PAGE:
As research funders become increasingly interested in IP, managing research funding and establishing IP clearance requires more resource.
3. Composite Research and Technology Transfer Agreements
There is then the supplementary issue of who manages relationships or deals with industry where there is both research funding and transfer of existing technology rights.
A natural consequence of the RSO managing all research is that when an external company wishes simultaneously to access existing technology from the TTO and fund research in the university the company has to deal with both the RSO and the TTO. This is the one clear weakness of the preferred model.
[Companies complain to the head of the university saying how clumsy of you to make me deal with two parts of your organisation, how disorganised, tell you what let me come in and help you organise your university like a decent company … at which point the vice-chancellor is reminded that universities are not companies and the complaint of the industrialist appears less well founded.]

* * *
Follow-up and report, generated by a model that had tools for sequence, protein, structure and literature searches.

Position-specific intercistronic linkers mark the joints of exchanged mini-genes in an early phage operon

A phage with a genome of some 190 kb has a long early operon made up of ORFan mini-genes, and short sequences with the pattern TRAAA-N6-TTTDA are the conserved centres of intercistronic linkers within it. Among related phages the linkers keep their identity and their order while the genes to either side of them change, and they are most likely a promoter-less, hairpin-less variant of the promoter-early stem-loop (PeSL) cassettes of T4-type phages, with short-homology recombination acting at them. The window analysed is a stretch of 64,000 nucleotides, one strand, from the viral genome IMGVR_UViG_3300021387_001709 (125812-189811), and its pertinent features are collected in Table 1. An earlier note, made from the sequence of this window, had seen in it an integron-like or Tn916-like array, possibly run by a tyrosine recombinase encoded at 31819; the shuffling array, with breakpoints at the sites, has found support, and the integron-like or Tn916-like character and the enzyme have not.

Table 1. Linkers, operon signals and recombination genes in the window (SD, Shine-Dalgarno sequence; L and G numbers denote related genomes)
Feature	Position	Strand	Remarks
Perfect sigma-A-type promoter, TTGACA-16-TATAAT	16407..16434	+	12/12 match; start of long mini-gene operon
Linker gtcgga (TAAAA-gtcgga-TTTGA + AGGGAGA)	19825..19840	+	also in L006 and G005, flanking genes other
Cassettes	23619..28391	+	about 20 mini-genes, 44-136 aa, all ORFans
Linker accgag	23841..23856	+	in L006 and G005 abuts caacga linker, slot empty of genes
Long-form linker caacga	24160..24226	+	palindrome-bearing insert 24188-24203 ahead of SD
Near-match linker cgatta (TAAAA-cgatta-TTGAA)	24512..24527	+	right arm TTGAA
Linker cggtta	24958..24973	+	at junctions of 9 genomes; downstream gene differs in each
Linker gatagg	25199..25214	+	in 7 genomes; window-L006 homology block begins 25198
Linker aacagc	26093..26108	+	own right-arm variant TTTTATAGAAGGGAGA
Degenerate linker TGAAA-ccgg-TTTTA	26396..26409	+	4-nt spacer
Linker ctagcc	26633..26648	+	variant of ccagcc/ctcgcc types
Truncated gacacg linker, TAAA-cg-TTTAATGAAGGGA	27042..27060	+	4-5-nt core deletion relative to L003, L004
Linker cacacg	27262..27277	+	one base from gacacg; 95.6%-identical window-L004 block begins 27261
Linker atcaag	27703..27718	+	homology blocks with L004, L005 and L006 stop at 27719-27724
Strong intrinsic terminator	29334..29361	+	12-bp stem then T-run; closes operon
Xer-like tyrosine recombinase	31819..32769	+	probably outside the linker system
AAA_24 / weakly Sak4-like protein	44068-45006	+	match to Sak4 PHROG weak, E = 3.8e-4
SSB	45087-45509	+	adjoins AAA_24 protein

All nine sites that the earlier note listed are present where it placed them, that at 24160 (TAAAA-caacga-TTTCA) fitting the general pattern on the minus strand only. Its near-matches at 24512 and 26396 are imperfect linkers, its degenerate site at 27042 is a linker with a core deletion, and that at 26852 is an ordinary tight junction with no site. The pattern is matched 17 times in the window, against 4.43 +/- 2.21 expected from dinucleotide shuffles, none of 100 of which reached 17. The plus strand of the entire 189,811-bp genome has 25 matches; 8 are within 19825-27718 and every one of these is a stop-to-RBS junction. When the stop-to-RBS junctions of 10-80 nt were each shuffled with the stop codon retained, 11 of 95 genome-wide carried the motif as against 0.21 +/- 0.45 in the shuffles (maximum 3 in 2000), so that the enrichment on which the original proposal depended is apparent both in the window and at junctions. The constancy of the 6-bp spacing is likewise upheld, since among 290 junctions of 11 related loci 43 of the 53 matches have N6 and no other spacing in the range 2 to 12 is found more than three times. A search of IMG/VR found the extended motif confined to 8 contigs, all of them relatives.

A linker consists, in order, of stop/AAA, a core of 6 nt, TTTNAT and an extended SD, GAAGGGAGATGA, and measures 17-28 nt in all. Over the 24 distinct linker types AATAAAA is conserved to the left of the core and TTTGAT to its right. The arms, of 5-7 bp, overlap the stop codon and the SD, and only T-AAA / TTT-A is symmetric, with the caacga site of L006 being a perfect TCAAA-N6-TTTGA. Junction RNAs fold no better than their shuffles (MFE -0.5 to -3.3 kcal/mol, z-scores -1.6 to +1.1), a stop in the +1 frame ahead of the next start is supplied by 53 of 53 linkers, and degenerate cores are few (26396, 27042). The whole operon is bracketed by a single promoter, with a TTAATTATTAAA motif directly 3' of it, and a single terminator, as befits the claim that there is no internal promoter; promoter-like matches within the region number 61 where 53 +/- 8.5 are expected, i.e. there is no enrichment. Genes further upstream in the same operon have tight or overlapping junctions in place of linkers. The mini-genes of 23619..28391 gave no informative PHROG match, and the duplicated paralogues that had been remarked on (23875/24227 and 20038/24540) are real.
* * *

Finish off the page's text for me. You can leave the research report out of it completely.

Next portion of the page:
This is a price the university must pay to optimise its research management systems. This is a price the company must pay if it wishes to access the university’s expertise and technology.
Some universities may seek to solve this problem in theory by establishing a policy which says you cannot do it: no licensee of university technology (especially if a spin-out) can fund the development of related technology back in the university, the conflicts are too complicated. Such a policy is unlikely to be attractive with researchers and is likely to be difficult to uphold; there will be exceptions allowed, which become precedents, leading to revised policies.
4. Material Transfer Agreements
There is frequent transfer of research materials (e.g. cell lines, compounds) between universities, research institutes and companies. These are usually governed by Material Transfer Agreements and referred to as ‘in-coming’ and ‘out-going’ MTA’s. The transfers are made for zero financial consideration, other than occasionally for transport/shipping costs.